Lately, I just haven’t felt inspired by blogging. I don’t know why. Perhaps it’s the midwinter blues. Perhaps I’ve just been working too hard (full time thesis, preparing for next semester, doing consulting work, looking after baby, blogging…all too much?)
Or perhaps it’s finding out that we have to move again when our lease ends in November. I am sad. I love the place we are presently living in. It’s close to Mum and Dad, it’s spacious, it’s not too far from either of my or my husband’s workplaces.
I am really “over” renting. The way in which renting operates in Australia means that you don’t have any sense of permanency or security. Typically, leases are short (6 months to a year) and tenants don’t have any rights even to hang pictures on the wall. But I don’t see how we could afford to buy a place right now. I am still “on contract”, and uni will only confirm that it is renewing my contract at the end of the year. And what if we want to have another child?
I’ve heard a few politicians say things about housing affordability lately. Kevin Rudd, for one, said that the housing affordability crisis had to be alleviated. That’s welcome news. But I’m a bit worried about the practicalities, and as far as I can see, Rudd didn’t get into the nitty gritty detail. As Andrew Bartlett pointed out recently, it is a complex problem and not one that will be easily fixable. For example, my sister has recently bought a place – if prices suddenly fall, her place will be worth less than she paid for it. And what of people who have invested in property with a mind to retirement? As Bartlett also argues, this doesn’t mean that we shouldn’t at least try to do something! I commend him for addressing the issue, and having a look at some of the complexities rather than just producing nice shiny sound bites.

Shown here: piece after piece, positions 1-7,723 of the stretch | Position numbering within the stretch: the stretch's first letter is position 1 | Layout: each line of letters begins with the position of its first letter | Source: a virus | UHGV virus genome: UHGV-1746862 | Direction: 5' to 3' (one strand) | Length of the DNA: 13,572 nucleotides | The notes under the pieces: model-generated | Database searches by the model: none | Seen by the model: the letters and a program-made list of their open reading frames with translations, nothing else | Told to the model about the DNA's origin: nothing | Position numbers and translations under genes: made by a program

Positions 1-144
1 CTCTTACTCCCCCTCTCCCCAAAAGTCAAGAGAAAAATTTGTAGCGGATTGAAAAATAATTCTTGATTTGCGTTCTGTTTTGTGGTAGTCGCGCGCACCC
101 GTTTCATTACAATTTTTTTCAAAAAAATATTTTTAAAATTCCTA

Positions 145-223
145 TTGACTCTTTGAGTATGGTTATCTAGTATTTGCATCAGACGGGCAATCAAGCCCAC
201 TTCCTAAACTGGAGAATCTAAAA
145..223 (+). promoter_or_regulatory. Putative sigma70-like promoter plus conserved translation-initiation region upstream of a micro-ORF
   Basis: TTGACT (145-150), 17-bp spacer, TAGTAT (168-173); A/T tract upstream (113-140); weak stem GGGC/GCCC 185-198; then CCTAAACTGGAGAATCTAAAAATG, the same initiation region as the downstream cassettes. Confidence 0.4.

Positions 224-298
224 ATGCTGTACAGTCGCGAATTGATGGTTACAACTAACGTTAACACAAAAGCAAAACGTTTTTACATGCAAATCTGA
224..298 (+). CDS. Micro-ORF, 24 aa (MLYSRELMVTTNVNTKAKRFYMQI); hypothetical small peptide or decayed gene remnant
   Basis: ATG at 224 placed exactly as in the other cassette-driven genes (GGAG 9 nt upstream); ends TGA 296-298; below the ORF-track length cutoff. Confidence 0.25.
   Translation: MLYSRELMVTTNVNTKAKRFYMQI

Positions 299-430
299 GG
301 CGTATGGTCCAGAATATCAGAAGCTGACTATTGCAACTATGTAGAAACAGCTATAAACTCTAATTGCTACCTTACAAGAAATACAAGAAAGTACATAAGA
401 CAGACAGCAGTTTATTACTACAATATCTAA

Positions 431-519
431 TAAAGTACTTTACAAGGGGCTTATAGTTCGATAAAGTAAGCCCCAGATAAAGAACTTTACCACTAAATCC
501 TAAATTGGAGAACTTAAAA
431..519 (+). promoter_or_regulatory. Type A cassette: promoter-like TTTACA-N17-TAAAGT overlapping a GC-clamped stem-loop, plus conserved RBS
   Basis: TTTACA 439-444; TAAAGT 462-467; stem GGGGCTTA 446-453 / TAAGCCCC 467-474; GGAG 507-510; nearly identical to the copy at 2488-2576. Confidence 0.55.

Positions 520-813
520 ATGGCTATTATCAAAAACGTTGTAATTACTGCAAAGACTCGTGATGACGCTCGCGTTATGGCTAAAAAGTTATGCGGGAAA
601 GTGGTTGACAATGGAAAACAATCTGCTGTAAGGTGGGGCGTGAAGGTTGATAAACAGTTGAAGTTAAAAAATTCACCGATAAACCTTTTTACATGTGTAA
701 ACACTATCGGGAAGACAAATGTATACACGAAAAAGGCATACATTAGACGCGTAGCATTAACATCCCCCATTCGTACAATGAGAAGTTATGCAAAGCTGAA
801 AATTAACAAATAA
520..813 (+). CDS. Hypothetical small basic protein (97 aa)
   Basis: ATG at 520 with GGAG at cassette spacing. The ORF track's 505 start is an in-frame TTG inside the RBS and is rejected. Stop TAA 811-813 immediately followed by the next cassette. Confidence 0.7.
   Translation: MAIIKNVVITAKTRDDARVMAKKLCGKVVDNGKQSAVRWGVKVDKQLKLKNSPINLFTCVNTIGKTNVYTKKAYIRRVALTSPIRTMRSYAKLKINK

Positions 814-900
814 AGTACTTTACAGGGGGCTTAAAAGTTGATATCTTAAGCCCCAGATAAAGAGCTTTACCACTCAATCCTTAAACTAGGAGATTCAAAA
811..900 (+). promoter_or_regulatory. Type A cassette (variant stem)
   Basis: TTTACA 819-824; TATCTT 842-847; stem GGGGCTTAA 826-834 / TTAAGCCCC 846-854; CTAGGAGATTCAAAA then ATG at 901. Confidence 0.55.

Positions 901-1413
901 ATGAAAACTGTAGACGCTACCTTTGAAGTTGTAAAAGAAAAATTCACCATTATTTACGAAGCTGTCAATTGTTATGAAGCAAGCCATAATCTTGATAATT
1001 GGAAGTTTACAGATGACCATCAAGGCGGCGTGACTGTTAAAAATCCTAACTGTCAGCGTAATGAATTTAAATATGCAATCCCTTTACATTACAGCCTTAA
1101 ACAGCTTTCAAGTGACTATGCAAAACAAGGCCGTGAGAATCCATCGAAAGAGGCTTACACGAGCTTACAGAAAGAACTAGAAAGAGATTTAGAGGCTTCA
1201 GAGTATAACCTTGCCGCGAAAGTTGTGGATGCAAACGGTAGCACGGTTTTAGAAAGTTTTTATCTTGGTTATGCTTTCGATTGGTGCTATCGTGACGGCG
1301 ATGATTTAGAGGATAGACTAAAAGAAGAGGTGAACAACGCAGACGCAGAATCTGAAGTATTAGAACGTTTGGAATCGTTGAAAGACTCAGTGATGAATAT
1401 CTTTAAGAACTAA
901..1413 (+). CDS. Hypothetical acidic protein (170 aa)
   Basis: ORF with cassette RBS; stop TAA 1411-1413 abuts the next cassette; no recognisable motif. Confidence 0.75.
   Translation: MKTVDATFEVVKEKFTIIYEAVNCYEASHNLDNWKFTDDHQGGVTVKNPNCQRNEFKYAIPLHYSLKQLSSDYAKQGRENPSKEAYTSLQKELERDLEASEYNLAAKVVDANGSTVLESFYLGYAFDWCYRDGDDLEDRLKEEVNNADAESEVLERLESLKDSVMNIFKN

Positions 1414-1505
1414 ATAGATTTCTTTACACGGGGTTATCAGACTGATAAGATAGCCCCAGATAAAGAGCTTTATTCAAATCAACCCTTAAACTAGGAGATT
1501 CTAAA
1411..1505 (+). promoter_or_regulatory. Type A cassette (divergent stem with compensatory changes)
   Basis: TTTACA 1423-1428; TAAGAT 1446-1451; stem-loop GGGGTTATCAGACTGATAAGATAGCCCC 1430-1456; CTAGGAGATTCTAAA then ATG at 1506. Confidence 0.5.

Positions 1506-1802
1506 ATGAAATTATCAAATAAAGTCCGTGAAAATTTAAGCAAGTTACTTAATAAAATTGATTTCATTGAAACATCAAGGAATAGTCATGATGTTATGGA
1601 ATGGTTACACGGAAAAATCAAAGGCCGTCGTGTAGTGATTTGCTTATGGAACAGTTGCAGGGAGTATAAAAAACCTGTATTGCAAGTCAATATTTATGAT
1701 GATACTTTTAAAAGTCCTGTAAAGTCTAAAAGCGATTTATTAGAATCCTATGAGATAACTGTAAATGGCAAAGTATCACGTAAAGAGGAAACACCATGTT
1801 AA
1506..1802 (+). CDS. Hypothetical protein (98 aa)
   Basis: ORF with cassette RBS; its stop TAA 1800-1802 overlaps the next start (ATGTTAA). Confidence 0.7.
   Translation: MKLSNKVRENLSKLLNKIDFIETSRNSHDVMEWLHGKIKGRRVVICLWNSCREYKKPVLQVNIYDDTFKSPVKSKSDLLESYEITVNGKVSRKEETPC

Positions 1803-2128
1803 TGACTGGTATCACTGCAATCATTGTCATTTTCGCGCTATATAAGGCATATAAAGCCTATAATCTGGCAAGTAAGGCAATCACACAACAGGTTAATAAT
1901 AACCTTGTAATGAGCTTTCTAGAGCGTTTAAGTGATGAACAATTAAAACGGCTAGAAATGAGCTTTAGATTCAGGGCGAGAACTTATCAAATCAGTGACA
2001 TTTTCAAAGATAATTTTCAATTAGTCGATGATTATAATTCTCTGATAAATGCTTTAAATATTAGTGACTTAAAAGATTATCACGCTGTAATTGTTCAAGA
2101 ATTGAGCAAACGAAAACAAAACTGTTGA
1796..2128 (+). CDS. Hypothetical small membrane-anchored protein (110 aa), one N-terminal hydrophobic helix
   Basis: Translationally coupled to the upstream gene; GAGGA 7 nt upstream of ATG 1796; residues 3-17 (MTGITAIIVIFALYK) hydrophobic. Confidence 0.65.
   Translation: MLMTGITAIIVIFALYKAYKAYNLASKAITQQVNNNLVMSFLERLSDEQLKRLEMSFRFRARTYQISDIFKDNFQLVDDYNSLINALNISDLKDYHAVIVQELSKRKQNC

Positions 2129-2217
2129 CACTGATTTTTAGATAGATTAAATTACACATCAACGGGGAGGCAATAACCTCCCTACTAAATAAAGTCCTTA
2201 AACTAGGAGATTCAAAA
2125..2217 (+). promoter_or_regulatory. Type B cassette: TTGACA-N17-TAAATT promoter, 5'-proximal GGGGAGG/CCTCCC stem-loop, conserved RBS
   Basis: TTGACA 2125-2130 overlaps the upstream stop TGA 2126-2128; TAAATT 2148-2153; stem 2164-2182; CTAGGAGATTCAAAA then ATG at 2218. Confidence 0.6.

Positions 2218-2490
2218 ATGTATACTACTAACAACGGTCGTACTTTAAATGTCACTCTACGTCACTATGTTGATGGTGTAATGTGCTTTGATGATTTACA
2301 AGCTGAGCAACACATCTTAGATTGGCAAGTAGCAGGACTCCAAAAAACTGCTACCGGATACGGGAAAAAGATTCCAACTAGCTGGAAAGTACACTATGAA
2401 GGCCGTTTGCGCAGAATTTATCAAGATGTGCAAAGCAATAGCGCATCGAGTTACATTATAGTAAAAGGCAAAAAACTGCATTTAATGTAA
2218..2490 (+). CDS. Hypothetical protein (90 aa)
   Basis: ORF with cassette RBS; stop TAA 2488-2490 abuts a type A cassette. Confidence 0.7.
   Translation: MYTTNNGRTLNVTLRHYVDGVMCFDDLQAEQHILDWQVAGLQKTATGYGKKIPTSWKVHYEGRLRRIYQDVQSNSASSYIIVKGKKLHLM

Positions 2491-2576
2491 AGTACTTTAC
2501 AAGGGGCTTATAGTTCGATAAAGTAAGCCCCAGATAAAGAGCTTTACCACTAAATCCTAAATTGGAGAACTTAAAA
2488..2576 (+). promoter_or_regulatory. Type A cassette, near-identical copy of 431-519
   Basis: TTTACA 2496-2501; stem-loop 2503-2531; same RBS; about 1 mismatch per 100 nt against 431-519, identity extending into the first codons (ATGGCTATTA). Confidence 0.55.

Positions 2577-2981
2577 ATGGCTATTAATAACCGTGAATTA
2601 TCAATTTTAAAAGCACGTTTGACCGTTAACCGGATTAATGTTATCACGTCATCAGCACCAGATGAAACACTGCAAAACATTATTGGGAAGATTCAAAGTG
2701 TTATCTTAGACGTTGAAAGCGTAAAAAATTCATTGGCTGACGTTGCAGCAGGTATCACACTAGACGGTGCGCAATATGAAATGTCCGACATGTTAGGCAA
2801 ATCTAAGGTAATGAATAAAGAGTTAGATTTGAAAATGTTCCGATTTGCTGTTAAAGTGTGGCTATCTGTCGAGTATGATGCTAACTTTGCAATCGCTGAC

Then I heard the Victorian government banging on about its 2030 plan, which means promoting high density living in “urban centres”. I am afraid I won’t be buying an apartment any time soon. For one thing, a “family sized” apartment is likely to cost nearly as much as a house anyway, so if I’m going to be indebted for life, I’d rather get a house. And the main thing which turns me off apartment living is noise and privacy issues. I worry that people might complain about our little girl if she cries or shouts. On the other hand, I also worry that people might party all night, like those Colombian exchange students two units down from us at our last place – they had regular weeknight parties which went until at least 3am in the morning, and the common living areas were trashed afterwards. These places had solid brick walls (unlike many modern apartments) and the noise still carried. I don’t think new places are built solidly enough (those plasterboard walls are hopeless).
I don’t know what the answer is. And I don’t know what we’ll do. I’m sure it will all work out in the end. As Mum says, I tend to fall on my feet, one way or another.
Anyway, that’s just an explanation of why I don’t think my blogs have been as sharp as normal, and why I haven’t been commenting as often.